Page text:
An excellent book on political economy and political philosophy is Hans-Hermann Hoppe’s masterpiece Democracy: The God That Failed. This book contains the best treatment of the topic of time preference I have come across, and was a major influence on my own thinking and writing on the topic.

The philosophical foundations for Anarcho-capitalism were laid in Murray Rothbard’s masterpiece The Ethics of Liberty.

A more popularized treatment of the topic can be found in Rothbard’s For a New Liberty.

Hoppe also edited The Myth of National Defense, a good collection of essays on the question of security and defense, and why a government is not needed for these functions, and how a free society can provide them.

One of the most important contributions made by Austrian economists to economic understanding is the Austrian theory of the business cycle, which, to be frank, is the only business cycle theory worthy of being studied. Whereas mainstream economists have produced heaps of worthless mathematical masturbation on the topic, the only value of that work has been to further their careers and confuse people trying to understand the real culprit behind business cycles: interest rate manipulation. An excellent brief treatment of the topic can be found in Rothbard’s essay Economic Depressions: Their Cause and Cure.

A more thorough treatment can be found in the first four chapters of Rothbard’s America’s Great Depression, during which Rothbard also takes to task the alternative excuses of theories presented by various economists. Though written in the 1960’s, the reader will find in them a comprehensive refutation to all the newest fancy mathematically-sophisticated theories which pretend to be new, when in fact they do nothing but rehash the same old arguments that have for long served to further government-paid academics’ careers and confuse readers.

Naturally, since business cycles are inseparable from their monetary causes, Jesus Huerta de Soto’s aforementioned Money, Bank Credit, and Economic Cycles, also contains an excellent treatment of this topic.

Friedrich Hayek’s work is very valuable for understanding the nature of markets as emergent phenomena, and not the outcome of rational design.

Possibly the most eye-opening single paper on economics is his The Use of Knowledge in Society, a brief paper worth re-reading over and over for the insights it contains.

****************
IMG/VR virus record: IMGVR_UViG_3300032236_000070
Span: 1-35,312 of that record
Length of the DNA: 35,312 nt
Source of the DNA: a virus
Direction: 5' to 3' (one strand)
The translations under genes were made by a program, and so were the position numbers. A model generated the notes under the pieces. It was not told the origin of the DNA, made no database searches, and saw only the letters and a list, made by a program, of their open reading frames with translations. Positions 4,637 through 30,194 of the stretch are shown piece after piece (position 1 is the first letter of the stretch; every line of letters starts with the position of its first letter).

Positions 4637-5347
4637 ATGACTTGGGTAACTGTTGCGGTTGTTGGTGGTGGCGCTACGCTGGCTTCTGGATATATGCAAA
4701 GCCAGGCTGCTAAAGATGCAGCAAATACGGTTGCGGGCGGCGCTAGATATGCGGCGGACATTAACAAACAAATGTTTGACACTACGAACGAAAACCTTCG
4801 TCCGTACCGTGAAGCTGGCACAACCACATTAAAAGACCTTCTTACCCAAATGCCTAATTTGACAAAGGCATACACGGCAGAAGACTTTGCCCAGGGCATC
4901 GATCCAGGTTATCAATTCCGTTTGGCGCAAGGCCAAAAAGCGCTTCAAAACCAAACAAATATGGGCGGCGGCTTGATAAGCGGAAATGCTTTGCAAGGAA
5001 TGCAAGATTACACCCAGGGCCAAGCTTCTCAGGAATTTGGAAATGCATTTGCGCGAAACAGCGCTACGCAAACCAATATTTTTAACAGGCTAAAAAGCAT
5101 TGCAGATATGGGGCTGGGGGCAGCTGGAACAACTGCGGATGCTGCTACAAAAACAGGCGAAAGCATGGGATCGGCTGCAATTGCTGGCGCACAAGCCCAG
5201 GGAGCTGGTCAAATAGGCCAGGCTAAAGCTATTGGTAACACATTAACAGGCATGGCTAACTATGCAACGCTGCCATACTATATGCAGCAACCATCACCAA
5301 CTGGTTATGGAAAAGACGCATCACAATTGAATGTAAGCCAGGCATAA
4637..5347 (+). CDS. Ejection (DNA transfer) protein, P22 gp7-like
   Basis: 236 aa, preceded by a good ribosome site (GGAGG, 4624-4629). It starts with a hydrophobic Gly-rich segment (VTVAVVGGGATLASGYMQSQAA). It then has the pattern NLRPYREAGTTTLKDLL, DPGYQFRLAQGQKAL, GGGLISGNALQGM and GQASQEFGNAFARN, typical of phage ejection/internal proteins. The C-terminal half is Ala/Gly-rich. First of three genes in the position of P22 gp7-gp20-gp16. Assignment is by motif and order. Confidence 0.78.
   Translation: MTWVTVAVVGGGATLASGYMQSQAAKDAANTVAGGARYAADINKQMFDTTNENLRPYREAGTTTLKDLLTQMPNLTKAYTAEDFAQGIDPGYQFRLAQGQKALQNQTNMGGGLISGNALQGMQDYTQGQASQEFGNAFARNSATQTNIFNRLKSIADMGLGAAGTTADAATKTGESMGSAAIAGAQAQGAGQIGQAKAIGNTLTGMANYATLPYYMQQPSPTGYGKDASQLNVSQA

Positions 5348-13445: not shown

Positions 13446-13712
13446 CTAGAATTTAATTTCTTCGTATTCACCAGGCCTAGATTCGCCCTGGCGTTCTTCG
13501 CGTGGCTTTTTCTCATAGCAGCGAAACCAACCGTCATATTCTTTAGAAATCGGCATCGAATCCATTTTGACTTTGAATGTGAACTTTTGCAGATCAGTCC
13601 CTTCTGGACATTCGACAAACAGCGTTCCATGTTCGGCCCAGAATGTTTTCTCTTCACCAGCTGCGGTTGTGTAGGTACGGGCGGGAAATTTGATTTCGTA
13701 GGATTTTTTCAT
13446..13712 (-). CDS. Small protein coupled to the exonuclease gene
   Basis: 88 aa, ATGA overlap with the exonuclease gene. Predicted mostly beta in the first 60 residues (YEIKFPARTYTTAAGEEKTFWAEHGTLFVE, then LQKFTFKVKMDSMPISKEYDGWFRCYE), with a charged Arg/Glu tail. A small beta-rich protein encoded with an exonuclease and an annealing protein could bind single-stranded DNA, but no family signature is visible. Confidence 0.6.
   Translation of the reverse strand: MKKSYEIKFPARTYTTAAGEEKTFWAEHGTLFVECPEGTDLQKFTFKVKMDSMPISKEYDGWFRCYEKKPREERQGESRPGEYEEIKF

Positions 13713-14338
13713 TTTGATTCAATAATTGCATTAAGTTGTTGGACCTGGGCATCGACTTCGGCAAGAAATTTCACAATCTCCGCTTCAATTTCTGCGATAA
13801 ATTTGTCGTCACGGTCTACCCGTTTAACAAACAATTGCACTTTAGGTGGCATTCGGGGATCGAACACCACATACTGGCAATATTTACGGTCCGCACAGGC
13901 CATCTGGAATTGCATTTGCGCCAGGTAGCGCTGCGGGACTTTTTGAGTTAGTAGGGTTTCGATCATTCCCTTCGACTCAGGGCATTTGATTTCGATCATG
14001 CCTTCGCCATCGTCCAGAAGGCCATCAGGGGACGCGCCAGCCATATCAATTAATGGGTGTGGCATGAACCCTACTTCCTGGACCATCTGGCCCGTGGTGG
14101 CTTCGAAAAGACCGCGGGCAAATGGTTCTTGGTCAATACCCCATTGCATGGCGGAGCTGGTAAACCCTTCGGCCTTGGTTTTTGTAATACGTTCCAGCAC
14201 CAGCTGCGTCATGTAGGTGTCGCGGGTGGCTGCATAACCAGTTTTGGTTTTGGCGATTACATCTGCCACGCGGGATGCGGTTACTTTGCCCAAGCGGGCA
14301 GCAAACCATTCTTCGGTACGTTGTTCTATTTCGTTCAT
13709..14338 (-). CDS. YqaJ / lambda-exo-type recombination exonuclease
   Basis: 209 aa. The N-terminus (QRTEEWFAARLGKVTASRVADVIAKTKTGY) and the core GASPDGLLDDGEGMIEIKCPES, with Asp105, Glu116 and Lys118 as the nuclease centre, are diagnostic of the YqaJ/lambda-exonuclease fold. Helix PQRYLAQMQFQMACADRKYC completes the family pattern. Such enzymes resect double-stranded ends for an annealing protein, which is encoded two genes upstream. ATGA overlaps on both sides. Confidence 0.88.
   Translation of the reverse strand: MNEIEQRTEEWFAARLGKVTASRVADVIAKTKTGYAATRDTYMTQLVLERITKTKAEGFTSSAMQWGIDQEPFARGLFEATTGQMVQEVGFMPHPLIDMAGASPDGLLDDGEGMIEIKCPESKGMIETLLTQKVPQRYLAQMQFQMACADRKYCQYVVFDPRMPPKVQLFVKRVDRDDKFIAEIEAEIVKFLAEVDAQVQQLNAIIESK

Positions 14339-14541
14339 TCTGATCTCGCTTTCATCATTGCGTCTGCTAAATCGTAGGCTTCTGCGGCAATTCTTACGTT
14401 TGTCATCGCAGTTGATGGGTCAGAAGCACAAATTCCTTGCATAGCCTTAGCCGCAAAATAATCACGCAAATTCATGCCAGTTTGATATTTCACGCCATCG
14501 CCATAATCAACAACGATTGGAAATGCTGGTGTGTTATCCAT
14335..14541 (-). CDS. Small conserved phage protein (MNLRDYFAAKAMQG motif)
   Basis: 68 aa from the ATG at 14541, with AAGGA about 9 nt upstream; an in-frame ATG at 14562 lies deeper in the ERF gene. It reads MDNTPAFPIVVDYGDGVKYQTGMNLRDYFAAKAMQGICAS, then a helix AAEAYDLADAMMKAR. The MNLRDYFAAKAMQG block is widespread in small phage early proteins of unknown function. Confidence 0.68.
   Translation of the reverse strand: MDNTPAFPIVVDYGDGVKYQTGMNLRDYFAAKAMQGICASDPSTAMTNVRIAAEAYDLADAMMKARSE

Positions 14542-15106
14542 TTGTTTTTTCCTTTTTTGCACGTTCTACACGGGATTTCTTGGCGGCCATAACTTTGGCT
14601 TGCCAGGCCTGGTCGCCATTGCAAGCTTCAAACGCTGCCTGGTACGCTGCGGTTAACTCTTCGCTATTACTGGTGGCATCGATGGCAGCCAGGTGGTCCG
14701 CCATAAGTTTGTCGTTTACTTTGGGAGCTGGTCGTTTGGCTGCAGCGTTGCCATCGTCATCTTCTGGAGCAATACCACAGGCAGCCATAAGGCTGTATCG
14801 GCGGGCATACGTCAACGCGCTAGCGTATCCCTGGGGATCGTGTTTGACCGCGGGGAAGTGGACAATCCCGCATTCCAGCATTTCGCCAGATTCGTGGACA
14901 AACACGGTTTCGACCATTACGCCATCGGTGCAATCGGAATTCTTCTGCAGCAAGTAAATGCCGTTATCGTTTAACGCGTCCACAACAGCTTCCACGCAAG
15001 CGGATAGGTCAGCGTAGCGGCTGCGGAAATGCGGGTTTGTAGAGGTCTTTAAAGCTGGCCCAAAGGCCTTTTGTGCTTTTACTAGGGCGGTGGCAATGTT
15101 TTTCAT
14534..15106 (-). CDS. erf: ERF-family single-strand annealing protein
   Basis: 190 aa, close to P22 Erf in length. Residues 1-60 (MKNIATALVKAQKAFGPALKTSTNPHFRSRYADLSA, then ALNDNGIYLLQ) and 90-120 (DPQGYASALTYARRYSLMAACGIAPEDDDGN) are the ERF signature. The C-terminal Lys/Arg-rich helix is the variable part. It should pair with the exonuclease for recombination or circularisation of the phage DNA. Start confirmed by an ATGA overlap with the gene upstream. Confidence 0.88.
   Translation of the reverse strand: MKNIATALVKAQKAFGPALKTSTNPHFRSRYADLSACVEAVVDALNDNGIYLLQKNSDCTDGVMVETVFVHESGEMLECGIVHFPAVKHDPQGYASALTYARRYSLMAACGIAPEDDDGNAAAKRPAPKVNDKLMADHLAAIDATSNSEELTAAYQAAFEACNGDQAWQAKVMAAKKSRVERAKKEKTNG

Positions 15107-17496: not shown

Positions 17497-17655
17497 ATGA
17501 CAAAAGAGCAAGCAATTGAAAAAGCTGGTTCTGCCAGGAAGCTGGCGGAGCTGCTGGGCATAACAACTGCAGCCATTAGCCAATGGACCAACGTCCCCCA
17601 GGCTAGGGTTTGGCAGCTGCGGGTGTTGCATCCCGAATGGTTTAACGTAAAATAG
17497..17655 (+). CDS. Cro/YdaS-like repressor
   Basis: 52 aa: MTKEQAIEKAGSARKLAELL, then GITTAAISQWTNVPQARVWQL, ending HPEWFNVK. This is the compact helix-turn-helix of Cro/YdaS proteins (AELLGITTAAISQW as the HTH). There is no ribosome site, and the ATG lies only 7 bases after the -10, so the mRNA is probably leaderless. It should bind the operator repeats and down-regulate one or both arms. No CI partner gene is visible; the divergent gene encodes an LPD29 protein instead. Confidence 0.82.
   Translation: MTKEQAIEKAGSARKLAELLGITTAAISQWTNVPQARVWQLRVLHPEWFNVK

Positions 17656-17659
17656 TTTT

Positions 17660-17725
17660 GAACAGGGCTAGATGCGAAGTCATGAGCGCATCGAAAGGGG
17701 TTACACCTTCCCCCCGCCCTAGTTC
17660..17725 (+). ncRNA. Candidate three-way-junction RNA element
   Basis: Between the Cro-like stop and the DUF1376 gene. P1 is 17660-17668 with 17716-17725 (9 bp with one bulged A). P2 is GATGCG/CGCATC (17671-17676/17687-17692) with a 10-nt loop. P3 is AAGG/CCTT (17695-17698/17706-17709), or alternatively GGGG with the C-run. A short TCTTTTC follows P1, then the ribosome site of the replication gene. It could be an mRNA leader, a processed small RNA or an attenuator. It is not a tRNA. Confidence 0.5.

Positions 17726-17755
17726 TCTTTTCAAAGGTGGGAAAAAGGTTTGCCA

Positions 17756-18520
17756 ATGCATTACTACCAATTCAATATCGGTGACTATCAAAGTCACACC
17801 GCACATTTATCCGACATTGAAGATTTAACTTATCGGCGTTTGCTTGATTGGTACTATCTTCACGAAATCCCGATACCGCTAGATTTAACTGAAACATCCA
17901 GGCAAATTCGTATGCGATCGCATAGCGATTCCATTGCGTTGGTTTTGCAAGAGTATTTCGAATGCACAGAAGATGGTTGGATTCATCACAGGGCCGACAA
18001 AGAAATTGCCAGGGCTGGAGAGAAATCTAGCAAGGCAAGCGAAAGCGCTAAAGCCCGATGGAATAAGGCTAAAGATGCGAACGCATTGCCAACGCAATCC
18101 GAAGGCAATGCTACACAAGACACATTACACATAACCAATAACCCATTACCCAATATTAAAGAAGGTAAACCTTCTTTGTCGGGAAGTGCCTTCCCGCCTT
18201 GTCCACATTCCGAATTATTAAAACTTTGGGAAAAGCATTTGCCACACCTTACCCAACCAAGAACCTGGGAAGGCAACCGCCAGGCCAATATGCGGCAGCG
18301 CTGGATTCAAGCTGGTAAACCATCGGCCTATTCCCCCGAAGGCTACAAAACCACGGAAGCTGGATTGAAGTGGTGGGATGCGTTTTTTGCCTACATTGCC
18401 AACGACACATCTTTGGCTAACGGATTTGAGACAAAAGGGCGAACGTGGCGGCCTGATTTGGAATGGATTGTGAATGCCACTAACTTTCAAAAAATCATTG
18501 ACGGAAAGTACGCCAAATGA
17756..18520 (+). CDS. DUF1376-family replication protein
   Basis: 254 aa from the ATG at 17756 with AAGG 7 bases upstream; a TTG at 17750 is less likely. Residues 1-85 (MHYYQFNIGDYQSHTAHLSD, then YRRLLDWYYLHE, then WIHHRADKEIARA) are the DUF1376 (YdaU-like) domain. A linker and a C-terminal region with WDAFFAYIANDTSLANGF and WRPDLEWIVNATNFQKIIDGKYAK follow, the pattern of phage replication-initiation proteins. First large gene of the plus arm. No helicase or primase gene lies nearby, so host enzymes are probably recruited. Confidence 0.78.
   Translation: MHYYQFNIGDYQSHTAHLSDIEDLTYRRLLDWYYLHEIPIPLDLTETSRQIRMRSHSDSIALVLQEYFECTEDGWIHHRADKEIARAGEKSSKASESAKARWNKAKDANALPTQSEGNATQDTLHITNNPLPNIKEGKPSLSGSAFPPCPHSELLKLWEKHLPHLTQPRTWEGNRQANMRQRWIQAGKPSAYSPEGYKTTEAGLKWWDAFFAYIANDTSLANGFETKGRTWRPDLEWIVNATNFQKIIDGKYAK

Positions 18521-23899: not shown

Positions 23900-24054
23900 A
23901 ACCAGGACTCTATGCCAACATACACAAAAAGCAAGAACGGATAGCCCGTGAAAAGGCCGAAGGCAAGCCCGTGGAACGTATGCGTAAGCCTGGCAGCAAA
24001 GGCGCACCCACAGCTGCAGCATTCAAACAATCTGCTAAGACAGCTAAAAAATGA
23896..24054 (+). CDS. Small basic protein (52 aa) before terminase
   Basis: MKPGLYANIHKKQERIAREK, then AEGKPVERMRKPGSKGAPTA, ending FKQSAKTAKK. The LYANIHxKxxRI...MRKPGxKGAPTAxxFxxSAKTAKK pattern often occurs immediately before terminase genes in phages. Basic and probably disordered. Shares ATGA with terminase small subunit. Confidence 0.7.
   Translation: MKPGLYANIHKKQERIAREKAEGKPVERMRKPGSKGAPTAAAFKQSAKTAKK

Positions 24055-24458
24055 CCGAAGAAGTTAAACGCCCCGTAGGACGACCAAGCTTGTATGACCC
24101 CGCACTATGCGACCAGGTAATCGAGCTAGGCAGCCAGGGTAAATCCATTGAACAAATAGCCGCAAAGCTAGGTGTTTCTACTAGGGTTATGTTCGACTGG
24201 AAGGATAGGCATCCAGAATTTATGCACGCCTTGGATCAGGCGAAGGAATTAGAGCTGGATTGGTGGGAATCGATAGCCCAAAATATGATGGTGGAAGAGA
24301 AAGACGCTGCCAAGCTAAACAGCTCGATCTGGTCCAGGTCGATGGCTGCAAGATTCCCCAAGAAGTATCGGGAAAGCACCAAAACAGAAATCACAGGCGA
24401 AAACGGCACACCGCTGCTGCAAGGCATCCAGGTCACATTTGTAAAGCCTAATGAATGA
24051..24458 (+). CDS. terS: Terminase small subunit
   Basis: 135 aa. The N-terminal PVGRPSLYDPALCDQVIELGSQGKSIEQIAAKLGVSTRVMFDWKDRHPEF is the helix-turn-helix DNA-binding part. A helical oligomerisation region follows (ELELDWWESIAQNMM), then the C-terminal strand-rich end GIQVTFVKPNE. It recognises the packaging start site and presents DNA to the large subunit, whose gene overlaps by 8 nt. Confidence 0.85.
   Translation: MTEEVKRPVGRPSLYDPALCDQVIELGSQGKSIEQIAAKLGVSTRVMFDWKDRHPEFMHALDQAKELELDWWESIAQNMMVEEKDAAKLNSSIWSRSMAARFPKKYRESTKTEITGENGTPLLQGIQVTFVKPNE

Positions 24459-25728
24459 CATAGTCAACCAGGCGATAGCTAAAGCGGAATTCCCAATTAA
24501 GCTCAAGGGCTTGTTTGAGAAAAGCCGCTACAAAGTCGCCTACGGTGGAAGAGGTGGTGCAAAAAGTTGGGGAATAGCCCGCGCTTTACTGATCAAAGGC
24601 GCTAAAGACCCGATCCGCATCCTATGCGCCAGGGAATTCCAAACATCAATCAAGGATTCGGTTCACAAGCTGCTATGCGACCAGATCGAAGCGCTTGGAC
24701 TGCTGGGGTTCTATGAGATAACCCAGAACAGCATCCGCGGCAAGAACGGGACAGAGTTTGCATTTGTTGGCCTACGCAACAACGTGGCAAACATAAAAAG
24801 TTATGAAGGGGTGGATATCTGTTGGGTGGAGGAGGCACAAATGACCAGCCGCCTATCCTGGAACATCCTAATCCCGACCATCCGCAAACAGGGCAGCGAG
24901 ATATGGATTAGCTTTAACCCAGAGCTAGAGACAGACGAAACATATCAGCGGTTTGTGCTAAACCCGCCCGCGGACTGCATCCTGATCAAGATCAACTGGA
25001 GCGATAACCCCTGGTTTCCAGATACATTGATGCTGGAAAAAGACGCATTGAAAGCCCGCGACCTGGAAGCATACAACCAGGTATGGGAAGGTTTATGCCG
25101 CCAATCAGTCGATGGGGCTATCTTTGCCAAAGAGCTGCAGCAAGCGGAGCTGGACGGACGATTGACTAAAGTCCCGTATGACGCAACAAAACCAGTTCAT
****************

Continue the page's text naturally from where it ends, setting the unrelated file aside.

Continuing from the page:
Hayek’s Nobel Prize acceptance speech, titled The Pretense of Knowledge, is also very important and a complete demolition of any delusions of scientific respectability any Keynesian economist might harbor.

On this same topic, the more recent work of Vernon Smith is also extremely important, particularly his distinction between constructivist rationalism and ecological rationalism, which he summarized very well in his Nobel Prize speech Constructivist and Ecological Rationality in Economics. Understanding this distinction between things that are rationally constructed by the human brain, and things whose rational order emerges out of human action without deliberate design, is one of the most important steps towards understanding how markets and human societies function, and an essential step to rejecting top-down planning for the destructive insanity that it really is.

Hayek’s work on the philosophy of science is also extremely important, though not very well-known. His book The Counter-revolution of Science: Studies on the Abuse of Reason will make you reevaluate a lot of the things you have taken for granted, and help you develop a very strong immunity to the kind of science by press release which dominates the world today.

He has two volumes with eye-opening essays on this topic: Studies in Philosophy, Politics, and Economics and New Studies in Philosophy, Politics, Economics, and the History of Ideas. All of these Hayekian works are also very relevant to the topic of socialism and the inevitable failure of central planning. The Austrians have written extensively on the topic, starting with Mises’ 1920 book Socialism.

Perhaps the best summary of the entirety of the debate, however, is in a paper written in the 1990’s by Rothbard under the title The End of Socialism and the Calculation Debate Revisited. Anyone who reads this and remains a socialist cannot read.

I hope to have provided a good starting point for readers to get into the topic and start to explore the questions they find most relevant and interesting. This is of course not a comprehensive list of works in Austrian economics, and I am sure I have left out some very important works.